Tissue case-controls: What is normal?

J. Clauson, R. Ramakrishnan, Sunil Badve, S. A. Khan

Research output: Contribution to journalArticle

Abstract

Matched case-control tissue studies are an important tool in epidemiologic research. Benign biopsies (BB) are often used as controls because they are plentiful and accessible, while reduction mammoplasty (RM) tissue is less available. The disadvantages are that BB may not be truly "normal." since the procedure was prompted by an abnormality. While RM patients have no detectable abnormalities, they are usually much younger than cancer patients. Unless RM specimens are age-matched, differences due to aging and menopausal status could be a confounding variable. This study was undertaken to compare tissue from BB and RM to determine if there are significant differences when controlling for age. Records of 504 consecutive women undergoing RM at Northwestern Memorial Hospital between January 1992 and March 2001 were reviewed. Of those. 84 were cancer patients undergoing RM on the contralateral breast. For each case, an age-matched RM control was identified by choosing the first same-age specimen from the same year. If an exact age-match was not possible, the next closest age was used. Age-matched BB controls were the first age-match from consecutive excisional biopsies from the same year. The highest-risk lesion in each specimen was classified using criteria by Page and Dupont. Normal + Nonproliferative Fibroadenoma Only Proliferative Atypical Cancer Case RM 52 (61.9%) 4 (4.8%) 13 (15.4%) 8 (9.5%) 7 (8.3%) Benign RM 64 (76.2% 3 (3.6%) 13 (15.4%) 4 (4.8%) 0 Benign Biopsy 25 (29.8%) 17 (20.2%) 33 (39.3%) 9 (10.7%) 0 Mean age and range in the BB group was 49.7 (26-73), 48.8 (25-68) for RM. 49.5 (25-73) for cases, and 36.2 (16-74) for the entire benign RM cohort. Normal/ nonproliferative lesions and fibroadenomas were pooled for analysis. Using the two-sample test of proportion, BBs were found to be proliferative significantly more often than RM (50% vs. 20%, p<.001). Seven incidental cancers were found in case RMs: 6 with foci of DCIS, 1 with a 2 cm invasive cancer, in this dataset, RM tissue is more "normal" than BB. and should be the preferred choice for case-control studies.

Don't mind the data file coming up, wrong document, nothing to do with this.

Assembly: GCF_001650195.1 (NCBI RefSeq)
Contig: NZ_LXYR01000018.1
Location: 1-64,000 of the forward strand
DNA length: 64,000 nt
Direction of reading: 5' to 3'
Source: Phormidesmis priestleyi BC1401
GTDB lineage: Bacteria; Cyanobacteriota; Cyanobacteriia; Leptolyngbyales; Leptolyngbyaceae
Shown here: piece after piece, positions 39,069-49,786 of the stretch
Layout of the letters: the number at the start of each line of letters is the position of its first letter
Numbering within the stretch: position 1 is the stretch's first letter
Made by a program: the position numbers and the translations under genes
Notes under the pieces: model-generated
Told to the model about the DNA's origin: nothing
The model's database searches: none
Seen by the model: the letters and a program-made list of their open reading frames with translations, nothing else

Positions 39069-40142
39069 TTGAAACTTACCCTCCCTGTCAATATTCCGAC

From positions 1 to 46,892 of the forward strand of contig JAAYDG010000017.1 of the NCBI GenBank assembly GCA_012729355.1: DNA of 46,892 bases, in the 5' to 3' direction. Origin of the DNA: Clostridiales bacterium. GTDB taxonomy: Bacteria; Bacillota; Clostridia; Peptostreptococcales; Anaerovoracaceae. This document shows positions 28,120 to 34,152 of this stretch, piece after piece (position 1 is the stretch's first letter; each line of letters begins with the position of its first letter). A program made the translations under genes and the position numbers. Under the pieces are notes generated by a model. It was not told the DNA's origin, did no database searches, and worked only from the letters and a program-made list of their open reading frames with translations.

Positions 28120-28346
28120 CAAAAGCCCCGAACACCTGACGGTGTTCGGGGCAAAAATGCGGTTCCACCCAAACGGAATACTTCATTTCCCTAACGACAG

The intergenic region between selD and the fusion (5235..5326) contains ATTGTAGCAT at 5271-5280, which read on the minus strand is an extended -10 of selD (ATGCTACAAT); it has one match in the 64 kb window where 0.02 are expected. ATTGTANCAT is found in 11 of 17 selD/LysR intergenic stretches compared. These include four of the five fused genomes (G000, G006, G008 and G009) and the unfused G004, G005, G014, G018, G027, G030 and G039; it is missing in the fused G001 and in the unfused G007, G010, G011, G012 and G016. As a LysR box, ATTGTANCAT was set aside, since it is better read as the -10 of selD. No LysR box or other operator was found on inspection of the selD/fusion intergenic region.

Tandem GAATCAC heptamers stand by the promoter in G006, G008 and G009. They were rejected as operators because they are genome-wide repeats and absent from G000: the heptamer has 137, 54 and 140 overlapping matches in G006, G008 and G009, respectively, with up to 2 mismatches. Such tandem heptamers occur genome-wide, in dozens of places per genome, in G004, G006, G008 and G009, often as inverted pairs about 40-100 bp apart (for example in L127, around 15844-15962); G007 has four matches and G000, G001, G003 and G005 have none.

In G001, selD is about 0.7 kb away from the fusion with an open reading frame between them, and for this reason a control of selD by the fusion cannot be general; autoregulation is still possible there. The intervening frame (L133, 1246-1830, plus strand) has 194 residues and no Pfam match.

Original languageEnglish
Pages (from-to)280
Number of pages1
JournalBreast Cancer Research and Treatment
Volume69
Issue number3
StatePublished - 2001
Externally publishedYes

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Mammaplasty
Biopsy
Fibroadenoma
Neoplasms
Case-Control Studies
Carcinoma, Intraductal, Noninfiltrating
Confounding Factors (Epidemiology)
Breast

ASJC Scopus subject areas

  • Oncology
  • Cancer Research

Cite this

Clauson, J., Ramakrishnan, R., Badve, S., & Khan, S. A. (2001). Tissue case-controls: What is normal? Breast Cancer Research and Treatment, 69(3), 280.

Tissue case-controls : What is normal? / Clauson, J.; Ramakrishnan, R.; Badve, Sunil; Khan, S. A.

In: Breast Cancer Research and Treatment, Vol. 69, No. 3, 2001, p. 280.

Research output: Contribution to journalArticle

Clauson, J, Ramakrishnan, R, Badve, S & Khan, SA 2001, 'Tissue case-controls: What is normal?', Breast Cancer Research and Treatment, vol. 69, no. 3, pp. 280.
Clauson, J. ; Ramakrishnan, R. ; Badve, Sunil ; Khan, S. A. / Tissue case-controls : What is normal?. In: Breast Cancer Research and Treatment. 2001 ; Vol. 69, No. 3. pp. 280.
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abstract = "Matched case-control tissue studies are an important tool in epidemiologic research. Benign biopsies (BB) are often used as controls because they are plentiful and accessible, while reduction mammoplasty (RM) tissue is less available. The disadvantages are that BB may not be truly {"}normal.{"} since the procedure was prompted by an abnormality. While RM patients have no detectable abnormalities, they are usually much younger than cancer patients. Unless RM specimens are age-matched, differences due to aging and menopausal status could be a confounding variable. This study was undertaken to compare tissue from BB and RM to determine if there are significant differences when controlling for age. Records of 504 consecutive women undergoing RM at Northwestern Memorial Hospital between January 1992 and March 2001 were reviewed. Of those. 84 were cancer patients undergoing RM on the contralateral breast. For each case, an age-matched RM control was identified by choosing the first same-age specimen from the same year. If an exact age-match was not possible, the next closest age was used. Age-matched BB controls were the first age-match from consecutive excisional biopsies from the same year. The highest-risk lesion in each specimen was classified using criteria by Page and Dupont. Normal + Nonproliferative Fibroadenoma Only Proliferative Atypical Cancer Case RM 52 (61.9{\%}) 4 (4.8{\%}) 13 (15.4{\%}) 8 (9.5{\%}) 7 (8.3{\%}) Benign RM 64 (76.2{\%} 3 (3.6{\%}) 13 (15.4{\%}) 4 (4.8{\%}) 0 Benign Biopsy 25 (29.8{\%}) 17 (20.2{\%}) 33 (39.3{\%}) 9 (10.7{\%}) 0 Mean age and range in the BB group was 49.7 (26-73), 48.8 (25-68) for RM. 49.5 (25-73) for cases, and 36.2 (16-74) for the entire benign RM cohort. Normal/ nonproliferative lesions and fibroadenomas were pooled for analysis. Using the two-sample test of proportion, BBs were found to be proliferative significantly more often than RM (50{\%} vs. 20{\%}, p<.001). Seven incidental cancers were found in case RMs: 6 with foci of DCIS, 1 with a 2 cm invasive cancer, in this dataset, RM tissue is more {"}normal{"} than BB. and should be the preferred choice for case-control studies.",
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